London-listed Red Rock Resources in the six months ended December 31, 2019, reported a profit before tax from continuing operations of £337 000, compared with a loss of £283 000 in the six months ended December 31, 2018.
Chairperson Andrew Bell says the company’s net finance income was at similar levels in the six months under review as the prior six month period, at £524 000, amounting to interim diluted earnings a share of 0.047p apiece.
The company’s total comprehensive loss for the period under review was £227 000, compared with a total comprehensive loss of more than £2-million in the prior comparable period, with the loss arising as a result of revaluation of available-for-sale investments.
The company has interests in various mining companies across commodities, including a 1% shareholding in ASX-listed Jupiter Mines, which, in turn, has an interest in the company that owns the Tshipi Borwa manganese mine, in South Africa.
Red Rock also has a majority stake in the Migori gold project, on the Kenyan greenstone belt, while it is busy disposing its interest in the El Limon project, in Colombia.
Further, Red Rock has exposure to copper and cobalt exploration through interests in the Katanga segment of the Central African Copperbelt, in the Democratic Republic of Congo (DRC), and a 4.64% interest in petroleum exploration company Elephant Oil.
The company also has exposure to battery metals including copper, cobalt, lithium and nickel through African Battery Metals.
Bell states that the directors have taken a conservative decision to delay writing back any part of the £5.2-million impairment which had been taken in relation to the company’s Kenyan assets in the June 2015 accounts, while awaiting resolution of the then pending court case.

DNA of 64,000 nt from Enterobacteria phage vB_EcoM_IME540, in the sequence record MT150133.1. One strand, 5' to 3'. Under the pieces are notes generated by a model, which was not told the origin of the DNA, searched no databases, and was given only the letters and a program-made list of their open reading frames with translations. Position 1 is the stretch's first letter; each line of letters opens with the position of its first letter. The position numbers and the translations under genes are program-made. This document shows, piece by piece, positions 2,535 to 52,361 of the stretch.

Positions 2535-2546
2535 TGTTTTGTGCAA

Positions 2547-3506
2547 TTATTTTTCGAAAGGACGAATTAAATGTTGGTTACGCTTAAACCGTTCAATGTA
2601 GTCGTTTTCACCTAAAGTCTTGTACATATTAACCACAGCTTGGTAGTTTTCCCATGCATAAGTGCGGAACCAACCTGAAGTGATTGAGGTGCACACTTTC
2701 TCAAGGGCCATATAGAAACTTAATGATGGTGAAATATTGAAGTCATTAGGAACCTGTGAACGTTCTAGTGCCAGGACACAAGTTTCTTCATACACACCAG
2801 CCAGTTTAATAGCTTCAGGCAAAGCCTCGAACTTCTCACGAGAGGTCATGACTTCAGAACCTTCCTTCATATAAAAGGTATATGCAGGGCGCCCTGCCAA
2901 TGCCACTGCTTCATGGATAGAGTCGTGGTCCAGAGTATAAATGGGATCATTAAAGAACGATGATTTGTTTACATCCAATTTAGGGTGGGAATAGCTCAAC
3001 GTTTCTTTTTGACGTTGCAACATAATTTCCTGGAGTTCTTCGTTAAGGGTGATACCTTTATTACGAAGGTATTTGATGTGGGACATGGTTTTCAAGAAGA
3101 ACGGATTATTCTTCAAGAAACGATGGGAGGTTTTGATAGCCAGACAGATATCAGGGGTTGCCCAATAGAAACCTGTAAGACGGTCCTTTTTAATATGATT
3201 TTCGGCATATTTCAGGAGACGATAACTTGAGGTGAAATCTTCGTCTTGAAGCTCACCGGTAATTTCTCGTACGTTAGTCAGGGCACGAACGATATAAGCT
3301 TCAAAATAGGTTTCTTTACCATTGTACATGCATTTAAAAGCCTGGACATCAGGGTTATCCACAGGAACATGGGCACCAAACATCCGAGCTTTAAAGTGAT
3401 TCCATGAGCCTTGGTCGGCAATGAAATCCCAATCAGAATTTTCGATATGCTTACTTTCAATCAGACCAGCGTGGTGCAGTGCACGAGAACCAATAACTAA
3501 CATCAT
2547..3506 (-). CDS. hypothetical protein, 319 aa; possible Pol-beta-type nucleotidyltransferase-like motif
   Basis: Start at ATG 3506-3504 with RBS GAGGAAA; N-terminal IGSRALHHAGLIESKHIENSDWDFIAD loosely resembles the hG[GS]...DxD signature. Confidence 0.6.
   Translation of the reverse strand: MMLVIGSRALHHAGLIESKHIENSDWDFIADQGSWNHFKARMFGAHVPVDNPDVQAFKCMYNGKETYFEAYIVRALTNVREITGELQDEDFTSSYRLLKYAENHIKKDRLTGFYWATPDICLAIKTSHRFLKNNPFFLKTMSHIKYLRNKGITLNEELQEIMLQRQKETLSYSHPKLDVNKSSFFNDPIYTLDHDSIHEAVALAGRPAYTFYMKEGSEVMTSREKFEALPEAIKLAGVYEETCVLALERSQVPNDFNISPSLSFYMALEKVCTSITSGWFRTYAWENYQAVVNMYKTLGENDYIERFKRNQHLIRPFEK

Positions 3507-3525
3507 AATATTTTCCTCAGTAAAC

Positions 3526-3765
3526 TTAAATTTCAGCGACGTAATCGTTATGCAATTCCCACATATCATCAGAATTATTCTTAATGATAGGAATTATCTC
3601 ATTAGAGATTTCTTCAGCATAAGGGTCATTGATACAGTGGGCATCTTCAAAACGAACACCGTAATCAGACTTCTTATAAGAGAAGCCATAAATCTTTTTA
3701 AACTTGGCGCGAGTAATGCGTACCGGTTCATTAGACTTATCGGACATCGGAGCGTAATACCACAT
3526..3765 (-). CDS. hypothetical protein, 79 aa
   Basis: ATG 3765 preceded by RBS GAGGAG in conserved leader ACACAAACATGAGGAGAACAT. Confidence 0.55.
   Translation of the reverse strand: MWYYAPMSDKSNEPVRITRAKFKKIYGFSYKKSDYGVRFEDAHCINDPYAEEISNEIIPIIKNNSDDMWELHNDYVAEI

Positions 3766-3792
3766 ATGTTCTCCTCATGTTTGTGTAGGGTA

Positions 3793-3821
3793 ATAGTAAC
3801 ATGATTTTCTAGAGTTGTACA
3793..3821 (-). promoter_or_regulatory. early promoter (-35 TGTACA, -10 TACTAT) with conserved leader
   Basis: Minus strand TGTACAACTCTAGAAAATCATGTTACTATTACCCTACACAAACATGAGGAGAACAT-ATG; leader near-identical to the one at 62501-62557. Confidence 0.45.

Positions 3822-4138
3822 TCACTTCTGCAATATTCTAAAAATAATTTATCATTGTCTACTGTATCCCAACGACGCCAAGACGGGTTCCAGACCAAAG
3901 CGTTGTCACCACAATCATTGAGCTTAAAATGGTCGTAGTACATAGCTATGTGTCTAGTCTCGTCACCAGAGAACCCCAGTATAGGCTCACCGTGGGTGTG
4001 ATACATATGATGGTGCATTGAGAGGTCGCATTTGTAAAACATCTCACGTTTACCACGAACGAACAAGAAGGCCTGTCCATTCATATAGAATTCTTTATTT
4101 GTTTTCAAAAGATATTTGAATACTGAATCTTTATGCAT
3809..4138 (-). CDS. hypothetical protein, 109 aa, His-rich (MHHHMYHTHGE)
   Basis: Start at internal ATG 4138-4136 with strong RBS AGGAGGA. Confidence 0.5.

Although further progress towards a conclusion has been made in the first quarter of this year, the directors have once again deferred any write back of previous impairments, feeling that do to this at a time when Covid-19 created such global uncertainty might be inappropriate.
Bell says in the months since the company reported its final results for the year ended June 30, 2019, no major initiatives have been undertaken by, or developments occurred within, Red Rock in this short period.
However, the company did continue its work towards restoration of the Kenyan licences, and has been preparing a programme for renewed exploration at its Luanshimba copper/cobalt licence in the DRC, as well as at its other licences in the country, but these tasks for the early part of 2020 were prefigured in the statement in the annual report.
“Yet everything has changed. The coronavirus pandemic declared globally has shaken up the kaleidoscope so effectively as to change every market and every part of the world economy: today they all look different.
"The impact of these changes has been almost universally negative in the short term, with the strength in the gold market a rare exception," Bell explains.
Red Rock has experienced limited impacts as a result of the virus, but will continue to review developments.
Bell says Red Rock's current assumption is that although there are short-term effects on the world economy, human ingenuity will find solutions and the successes of Taiwan, South Korea, Japan, Singapore, and even China in controlling the outbreaks, while limiting the damage to economic activity and people's livelihoods will provide some lessons that can be adapted to apply in the Western economies.
“Nearer home, the templates of Iceland, Norway and Germany may already offer directly applicable lessons in testing, tracing and reducing mortality.
“Should this be correct, the bounce-back will be rapid, and the extra liquidity being pumped into economies may assist this. Red Rock believes its positioning in gold and battery metals will be well adapted for this environment,” Bell points out.
Red Rock also believes its holding in Jupiter Mines, a very low-cost major manganese producer, will continue to provide support for its asset value as well as providing ongoing cash flow.
The company will nonetheless prepare itself for a less benign environment by ensuring that it can turn off a significant proportion of its costs at short notice.